Till sidans topp

Sidansvarig: Webbredaktion
Sidan uppdaterades: 2012-09-11 15:12

Tipsa en vän

A two-millennium dinoflag… - Göteborgs universitet Till startsida
Till innehåll Läs mer om hur kakor används på gu.se

A two-millennium dinoflagellate cyst record from Gullmar Fjord, a Swedish Skagerrak sill fjord

Artikel i vetenskaplig tidskrift
Författare Rex Harland
Irina Polovodova Asteman
Kjell Nordberg
Publicerad i Palaeogeography, Palaeoclimatology, Palaeoecology
Volym 392
Sidor 247-260
ISSN 0031-0182
Publiceringsår 2013
Publicerad vid Institutionen för geovetenskaper
Sidor 247-260
Språk en
Länkar dx.doi.org/10.1016/j.palaeo.2013.09...
Ämnesord Holocene; Subatlantic; dinoflagellate cysts; palaeoclimates; Skagerrak; Sweden
Ämneskategorier Geovetenskap och miljövetenskap, Klimatforskning, Multidisciplinär geovetenskap, Geologi


Gullmar Fjord, a sill fjord on the Skagerrak coast of western Sweden, contains a valuable sedimentary archive for the last 2500 years. This archive encompasses a temporal record from the Roman Warm Period, the Dark Ages, the Medieval Warm Period, the Little Ice Age and into the modern warm period. A high resolution dinoflagellate cyst analysis has been completed on this archive using material from two cores taken from the deepest part of the fjord, Alsbäck Deep. The recovered dinoflagellate cysts have provided a quantitative temporal record that has been used to construct a dinoflagellate cyst spectrum and has been subjected to both Q-mode cluster analysis and CABFAC factor analysis with varimax rotation. In addition the heterotrophic ratio and both the thermophilic and cryophilic ratios have been calculated to assist with the interpretation of the results. Well preserved and diverse dinoflagellate cyst assemblages have been recovered throughout the sedimentary sequence and have been used to explore surface water conditions within the fjord over this time interval. Although a clear link is observed between the cyst assemblages and the climate phases of the Subatlantic, established from previous stable isotope work, there was little change in the cyst populations and indeed they reflect the known modern cyst floras. However a major change was seen in the incoming of Gymnodinium nolleri during the Dark Age and its reduction to a relict species towards the end of the Little Ice Age. Comparisons to other published work confirm the regional nature of this dinoflagellate cyst event but its ecological preferences remain enigmatic. A second major change was also recognised around the late 1960s/early 1970s and was associated with differences in nutrient availability from either a diminution in upwelling, as the NAO changed from a negative phase to a positive, or from marine pollution or a combination of both. Otherwise the dinoflagellate cyst assemblages can be grouped, using the factor analysis, into F1 Protoperidinium spp. indet. (round, brown cysts); F2 Gymnodinium nolleri and F3 Lingulodinium polyedrum and Protoceratium reticulatum. The cluster analysis shows a similar subdivision into units closely associated with the recognised climate phases of the Subatlantic. Possible climate environments have been explored, but because of the relatively minor variations in the assemblages and the lack of autecological information, only relatively small scale changes were recognised except for the clear, but complex nature of the recent warm period.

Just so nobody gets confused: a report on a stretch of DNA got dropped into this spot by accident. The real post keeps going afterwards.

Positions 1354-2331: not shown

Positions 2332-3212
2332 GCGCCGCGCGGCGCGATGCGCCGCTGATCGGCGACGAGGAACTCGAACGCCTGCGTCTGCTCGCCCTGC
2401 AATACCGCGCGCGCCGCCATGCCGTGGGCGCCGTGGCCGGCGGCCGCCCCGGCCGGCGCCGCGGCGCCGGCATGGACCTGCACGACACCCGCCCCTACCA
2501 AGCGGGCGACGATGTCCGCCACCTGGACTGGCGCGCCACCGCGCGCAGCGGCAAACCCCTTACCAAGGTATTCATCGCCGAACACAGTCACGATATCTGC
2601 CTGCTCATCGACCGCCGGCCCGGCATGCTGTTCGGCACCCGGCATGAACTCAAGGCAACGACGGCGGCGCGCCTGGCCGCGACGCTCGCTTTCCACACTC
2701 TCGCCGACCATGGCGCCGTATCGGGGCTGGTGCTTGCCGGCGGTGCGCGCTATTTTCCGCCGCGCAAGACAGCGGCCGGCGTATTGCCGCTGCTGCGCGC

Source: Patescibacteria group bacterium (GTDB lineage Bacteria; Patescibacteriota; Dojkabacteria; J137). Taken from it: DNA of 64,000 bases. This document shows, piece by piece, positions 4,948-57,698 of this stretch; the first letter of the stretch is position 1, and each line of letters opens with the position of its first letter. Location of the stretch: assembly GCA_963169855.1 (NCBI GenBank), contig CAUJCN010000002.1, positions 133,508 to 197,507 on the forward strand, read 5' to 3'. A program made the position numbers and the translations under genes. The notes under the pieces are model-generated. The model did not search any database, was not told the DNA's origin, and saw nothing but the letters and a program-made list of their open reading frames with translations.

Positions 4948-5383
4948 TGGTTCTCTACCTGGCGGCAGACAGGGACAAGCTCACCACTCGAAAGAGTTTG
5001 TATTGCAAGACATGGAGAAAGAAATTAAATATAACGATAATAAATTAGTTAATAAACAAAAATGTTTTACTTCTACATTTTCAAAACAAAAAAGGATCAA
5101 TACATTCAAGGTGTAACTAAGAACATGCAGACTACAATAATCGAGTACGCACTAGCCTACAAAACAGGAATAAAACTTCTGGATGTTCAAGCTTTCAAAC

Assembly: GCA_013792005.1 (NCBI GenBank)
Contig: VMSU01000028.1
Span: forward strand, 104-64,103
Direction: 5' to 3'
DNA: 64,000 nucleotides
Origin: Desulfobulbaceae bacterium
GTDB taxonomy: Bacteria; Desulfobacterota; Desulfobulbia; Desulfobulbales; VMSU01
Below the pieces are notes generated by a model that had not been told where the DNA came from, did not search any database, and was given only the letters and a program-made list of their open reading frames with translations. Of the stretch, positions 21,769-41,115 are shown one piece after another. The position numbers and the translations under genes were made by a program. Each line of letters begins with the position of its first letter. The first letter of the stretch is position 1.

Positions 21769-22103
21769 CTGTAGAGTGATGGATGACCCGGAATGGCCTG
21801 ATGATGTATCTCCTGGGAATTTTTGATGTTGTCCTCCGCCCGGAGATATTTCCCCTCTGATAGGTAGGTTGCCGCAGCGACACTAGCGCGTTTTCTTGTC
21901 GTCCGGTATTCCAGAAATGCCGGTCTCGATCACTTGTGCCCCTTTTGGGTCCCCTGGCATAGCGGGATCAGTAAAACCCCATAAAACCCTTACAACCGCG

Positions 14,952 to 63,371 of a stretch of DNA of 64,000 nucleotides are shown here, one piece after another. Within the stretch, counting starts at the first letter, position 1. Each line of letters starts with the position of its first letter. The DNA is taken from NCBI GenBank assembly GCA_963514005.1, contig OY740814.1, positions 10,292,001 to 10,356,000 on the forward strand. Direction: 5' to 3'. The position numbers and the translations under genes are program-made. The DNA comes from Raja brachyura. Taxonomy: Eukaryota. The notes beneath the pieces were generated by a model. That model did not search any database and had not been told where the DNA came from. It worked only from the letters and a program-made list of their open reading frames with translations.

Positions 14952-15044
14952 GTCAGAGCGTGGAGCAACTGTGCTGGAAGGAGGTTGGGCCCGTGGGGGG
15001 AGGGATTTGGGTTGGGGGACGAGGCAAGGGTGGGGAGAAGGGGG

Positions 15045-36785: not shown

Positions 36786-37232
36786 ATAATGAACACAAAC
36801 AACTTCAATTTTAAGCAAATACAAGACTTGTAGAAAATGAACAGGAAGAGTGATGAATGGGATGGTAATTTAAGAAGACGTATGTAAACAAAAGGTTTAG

Sidansvarig: Webbredaktion|Sidan uppdaterades: 2012-09-11

På Göteborgs universitet använder vi kakor (cookies) för att webbplatsen ska fungera på ett bra sätt för dig. Genom att surfa vidare godkänner du att vi använder kakor.  Vad är kakor?